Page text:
Penuche Fudge

Easy penuche fudge recipe

The Spruce Eats/Julia Hartbeck

Prep: 10 mins
Cook: 60 mins
Total: 70 mins
Servings: 24 servings
Nutrition Facts (per serving)
151 Calories
5g Fat
26g Carbs
1g Protein
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Nutrition Facts
Servings: 24
Amount per serving
Calories 151
% Daily Value*
Total Fat 5g 7%
Saturated Fat 3g 17%
Cholesterol 15mg 5%
Sodium 13mg 1%
Total Carbohydrate 26g 10%
Dietary Fiber 0g 0%
Protein 1g
Calcium 35mg 3%
*The % Daily Value (DV) tells you how much a nutrient in a food serving contributes to a daily diet. 2,000 calories a day is used for general nutrition advice.
(Nutrition information is calculated using an ingredient database and should be considered an estimate.)

Penuche is a well-known type of candy in the Southern U.S. as well as in the northern regions of Connecticut and Massachusetts, where whaling boat crews in the 18th-century brought home recipes of caramelized brown sugar and milk from Portugal and Spain (the original name is Panocha). Also famous in Hawaii, perhaps also due to the travels of fishing and whaling crews, it should become familiar everywhere, as it's delicious and easy to make.

Southerners like to add pecans for texture, but the fudge by itself is really delicious. Add walnuts, pistachios, almonds, pepitas, or sunflower seeds – or a combination of two or three – to make a crunchy and creamy fudge.

As in any candy making, keep pets and kids out of the kitchen, wear protective gear like gloves and an apron, wear shoes to avoid slipping when handling hot candy, and have a candy thermometer at hand to check your temperature to avoid overcooking. This recipe yields better results when using a standing mixer, as beating it by hand can prove difficult, although not impossible.


  • 1 1/2 cups powdered sugar
  • 2/3 cup evaporated milk
  • 2 cups brown sugar (packed)
  • 10 tablespoons butter
  • 1/4 teaspoon salt
  • 1 teaspoon vanilla extract
  • Optional: 1 cup chopped pecans or walnuts

Steps to Make It

  1. Gather the ingredients.

    Ingredients for penuche fudge
    The Spruce Eats/Julia Hartbeck
  2. Spray a 9-inch square pan with nonstick baking spray or lightly grease with butter or margarine. Line the pan with plastic wrap; set aside.

    Spray pan
    The Spruce Eats/Julia Hartbeck
  3. Sift the powdered sugar into a bowl and set aside.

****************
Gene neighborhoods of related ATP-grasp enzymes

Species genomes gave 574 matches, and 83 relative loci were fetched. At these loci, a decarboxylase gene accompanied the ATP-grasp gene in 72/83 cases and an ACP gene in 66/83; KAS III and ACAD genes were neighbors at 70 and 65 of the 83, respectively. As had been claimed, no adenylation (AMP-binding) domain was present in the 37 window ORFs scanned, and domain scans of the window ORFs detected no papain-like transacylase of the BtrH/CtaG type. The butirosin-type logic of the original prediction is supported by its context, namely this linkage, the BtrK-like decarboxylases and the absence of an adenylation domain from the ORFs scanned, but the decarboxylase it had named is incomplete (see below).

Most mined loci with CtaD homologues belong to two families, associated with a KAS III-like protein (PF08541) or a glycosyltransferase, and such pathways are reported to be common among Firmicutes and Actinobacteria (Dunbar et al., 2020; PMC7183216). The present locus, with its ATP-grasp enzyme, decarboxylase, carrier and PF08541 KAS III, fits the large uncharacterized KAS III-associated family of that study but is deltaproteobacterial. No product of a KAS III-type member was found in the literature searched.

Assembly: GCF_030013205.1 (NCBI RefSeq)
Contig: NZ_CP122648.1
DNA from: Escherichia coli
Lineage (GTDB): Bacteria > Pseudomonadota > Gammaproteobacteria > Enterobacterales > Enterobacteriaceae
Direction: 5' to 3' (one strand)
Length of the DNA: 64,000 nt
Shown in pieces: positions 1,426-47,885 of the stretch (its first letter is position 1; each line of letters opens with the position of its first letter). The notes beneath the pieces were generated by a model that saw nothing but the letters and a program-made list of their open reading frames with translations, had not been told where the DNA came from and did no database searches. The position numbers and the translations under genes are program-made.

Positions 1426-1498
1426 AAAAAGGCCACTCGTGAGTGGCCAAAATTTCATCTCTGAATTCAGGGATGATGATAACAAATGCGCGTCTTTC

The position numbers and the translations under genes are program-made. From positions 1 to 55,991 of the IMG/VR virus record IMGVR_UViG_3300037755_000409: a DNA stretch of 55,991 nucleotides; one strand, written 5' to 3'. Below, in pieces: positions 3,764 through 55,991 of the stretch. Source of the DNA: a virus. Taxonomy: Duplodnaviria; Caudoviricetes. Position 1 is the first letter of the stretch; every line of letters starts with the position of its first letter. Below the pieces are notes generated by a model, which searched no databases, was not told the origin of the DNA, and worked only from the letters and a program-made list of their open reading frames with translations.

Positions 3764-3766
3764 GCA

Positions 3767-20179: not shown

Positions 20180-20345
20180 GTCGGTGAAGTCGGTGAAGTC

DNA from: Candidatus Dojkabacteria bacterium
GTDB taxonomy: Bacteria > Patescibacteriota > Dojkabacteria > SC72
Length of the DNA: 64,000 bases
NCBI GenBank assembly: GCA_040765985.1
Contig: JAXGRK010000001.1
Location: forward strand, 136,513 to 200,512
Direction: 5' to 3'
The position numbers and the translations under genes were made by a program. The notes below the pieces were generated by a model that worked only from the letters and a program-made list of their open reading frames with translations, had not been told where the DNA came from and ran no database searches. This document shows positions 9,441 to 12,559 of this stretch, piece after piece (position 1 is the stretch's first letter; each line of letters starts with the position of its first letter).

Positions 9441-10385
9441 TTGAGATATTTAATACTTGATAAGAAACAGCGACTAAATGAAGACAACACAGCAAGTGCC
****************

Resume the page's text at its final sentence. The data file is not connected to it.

Sift the powdered sugar into a bowl
    The Spruce Eats/Julia Hartbeck
  4. In a heavy medium saucepan, combine the evaporated milk, brown sugar, butter, and salt. Bring the mixture to a boil, stirring constantly.

    Combine cocoa and butter
    The Spruce Eats/Julia Hartbeck
  5. Reduce heat to medium-low and simmer, stirring frequently, until the mixture registers 236 F on a candy thermometer (about 25 to 30 minutes), or until the candy reaches the soft ball stage.

    Reduce heat
    The Spruce Eats/Julia Hartbeck
  6. Pour into a heatproof bowl or the bowl of a heavy-duty electric mixer. Beat in the sifted powdered sugar, a little at a time, methodically scraping the sides of the bowl and continuing with the beating until the mixture is thickened and smooth. Slowly beat in vanilla and chopped nuts, if using.

    Pour into bowl
    The Spruce Eats/Julia Hartbeck
  7. Spread in the prepared pan. Refrigerate for about 20 minutes, or until firm.

    The Spruce Eats/Julia Hartbeck
  8. Turn out of the pan and peel off plastic. Cut into small squares.

    Cut into squares
    The Spruce Eats/Julia Hartbeck
  9. Enjoy!

Different Fudge Flavors

If you want to jazz up your flavors, we recommend:

  • Replace the 1 teaspoon of vanilla with 1/2 teaspoon banana extract and 1/2 teaspoon caramel extract. When using walnuts, the banana flavor pairs wonderfully.
  • Try using 1/2 to 1 teaspoon of pear extract if using pecans.
  • Add 1 ounce of melted dark chocolate when beating the penuche.
  • Add 1/4 cup of Goji berries or 1/4 cup of dried tart cherries.